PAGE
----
The highly respected Legislative Analyst’s Office (LAO) released a report this week that provides guidance and recommendations on water-related spending by the Governor and the State Legislature. The report cites drought-related spending priorities from the past as well as current proposals, and makes a number of recommendations contrary to the current direction of California’s executive and legislative leadership.

Image of flooded recharge ponds in the San Joaquin Valley

Flooded recharge ponds, San Joaquin Valley (Source: PPIC)

In short, the LAO says that the current, $750 million drought response spending proposal does not address the immediate needs of the drought because it won’t result in an immediate increase in the water supply or in a reduction in water use.

“The LAO report shows While the Governor has presented his $750 million package as being for drought response, most of the proposed activities would not address conditions this summer and fall. This is because the majority of the activities would not result in an immediate increase in water supply or reduction in water use, or respond to emergency needs.”

In contrast, according to the report, “the majority of the proposed activities would focus on longer‑term efforts that might improve the State’s and local communities’ abilities to respond to future droughts. Specifically, both the infrastructure projects that would be funded in urban and small communities, as well as many of the water conservation initiatives and habitat improvement projects, likely would take at least a year and perhaps multiple years to implement.”

Preparing for the future is always a good idea. That’s why smart individuals have both a checking and a savings account. While the LAO praises the Governor for long-term drought resilience, its report highlights the lop-sided priorities where water storage projects account for only $30 million in proposed spending, or about six percent of the total.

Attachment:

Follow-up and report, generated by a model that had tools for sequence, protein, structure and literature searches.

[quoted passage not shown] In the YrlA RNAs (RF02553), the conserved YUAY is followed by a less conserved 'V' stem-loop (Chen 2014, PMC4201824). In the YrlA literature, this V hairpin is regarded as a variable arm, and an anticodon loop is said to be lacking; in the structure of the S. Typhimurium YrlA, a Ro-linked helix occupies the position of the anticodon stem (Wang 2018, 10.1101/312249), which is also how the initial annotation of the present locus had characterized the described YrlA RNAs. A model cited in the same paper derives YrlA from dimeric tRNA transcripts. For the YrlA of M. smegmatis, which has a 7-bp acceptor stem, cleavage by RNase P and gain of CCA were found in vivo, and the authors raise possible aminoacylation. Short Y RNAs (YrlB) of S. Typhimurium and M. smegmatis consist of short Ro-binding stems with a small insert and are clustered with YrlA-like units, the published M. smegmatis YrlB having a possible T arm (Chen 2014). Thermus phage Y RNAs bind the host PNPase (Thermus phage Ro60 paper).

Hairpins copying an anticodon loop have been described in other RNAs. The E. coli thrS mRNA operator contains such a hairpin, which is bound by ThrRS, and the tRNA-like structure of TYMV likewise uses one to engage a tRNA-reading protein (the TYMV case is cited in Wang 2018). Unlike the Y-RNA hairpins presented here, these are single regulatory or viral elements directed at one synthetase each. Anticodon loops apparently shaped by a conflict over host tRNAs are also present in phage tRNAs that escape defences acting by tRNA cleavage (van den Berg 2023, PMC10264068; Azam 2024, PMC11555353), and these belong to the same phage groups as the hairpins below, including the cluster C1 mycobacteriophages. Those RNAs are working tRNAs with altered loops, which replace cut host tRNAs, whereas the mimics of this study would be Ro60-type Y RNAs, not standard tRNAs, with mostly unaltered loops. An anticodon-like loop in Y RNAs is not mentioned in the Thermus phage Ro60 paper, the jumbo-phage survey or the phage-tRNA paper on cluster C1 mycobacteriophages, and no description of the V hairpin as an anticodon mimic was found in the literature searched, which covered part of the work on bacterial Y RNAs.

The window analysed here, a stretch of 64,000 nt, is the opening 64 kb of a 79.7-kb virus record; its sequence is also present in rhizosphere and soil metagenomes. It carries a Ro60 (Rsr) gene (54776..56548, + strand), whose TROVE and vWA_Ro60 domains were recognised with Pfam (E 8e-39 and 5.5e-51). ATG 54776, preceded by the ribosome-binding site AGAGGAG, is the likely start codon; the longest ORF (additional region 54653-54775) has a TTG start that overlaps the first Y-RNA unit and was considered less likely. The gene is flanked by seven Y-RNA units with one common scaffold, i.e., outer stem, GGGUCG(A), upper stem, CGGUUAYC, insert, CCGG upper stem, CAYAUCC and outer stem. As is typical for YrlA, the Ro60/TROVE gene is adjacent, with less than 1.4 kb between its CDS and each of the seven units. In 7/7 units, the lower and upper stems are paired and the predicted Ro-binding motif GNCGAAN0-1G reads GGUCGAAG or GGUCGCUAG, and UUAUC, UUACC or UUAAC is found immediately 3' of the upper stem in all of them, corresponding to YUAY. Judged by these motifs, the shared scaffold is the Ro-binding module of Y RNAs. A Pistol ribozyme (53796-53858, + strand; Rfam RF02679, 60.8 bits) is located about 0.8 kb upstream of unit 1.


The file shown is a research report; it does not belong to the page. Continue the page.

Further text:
“As shown in Figure 2, the Governor dedicates only $30 million from his new proposal for water storage projects. These funds would be used for groundwater recharge projects related to implementing local groundwater management plans in accordance with SGMA. In the context of the changing hydrology described above, this is not a particularly large level of spending.”

Chart depicting the Governor's drought response activities and costs

Groundwater storage projects also provide benefits beyond the obvious, such as developing both built and natural infrastructure such as canals, flood bypasses, and designated recharge basins—including farm fields—to direct runoff and floodwaters onto land where it can percolate into the ground to be used later. In addition to potentially restoring some existing groundwater deficits (and mitigating associated negative impacts) and increasing the water supply upon which farmers and residents can draw during dry periods, such projects often have the co‑benefit of reducing flood risk. As such, increasing available groundwater storage and opportunities to capture water runoff in managed aquifer recharge projects might merit additional investments beyond what the Governor proposes.

“The Legislature could also consider a package that provides comparatively more funding for groundwater recharge and storage projects, given their potential to help increase water supply, address groundwater deficiencies, and improve flood control.”

 The LAO report has it right. More emphasis on capturing water during wet years and getting it into storage, is the most effective way to address immediate drought needs and dry years in the future. Both agricultural and urban water users have made great strides over the decades in water conservation.

Shifting the focus of water policy and project financing toward more efficient stormwater capture and using State surplus and federal infrastructure dollars is the right choice at the right time.

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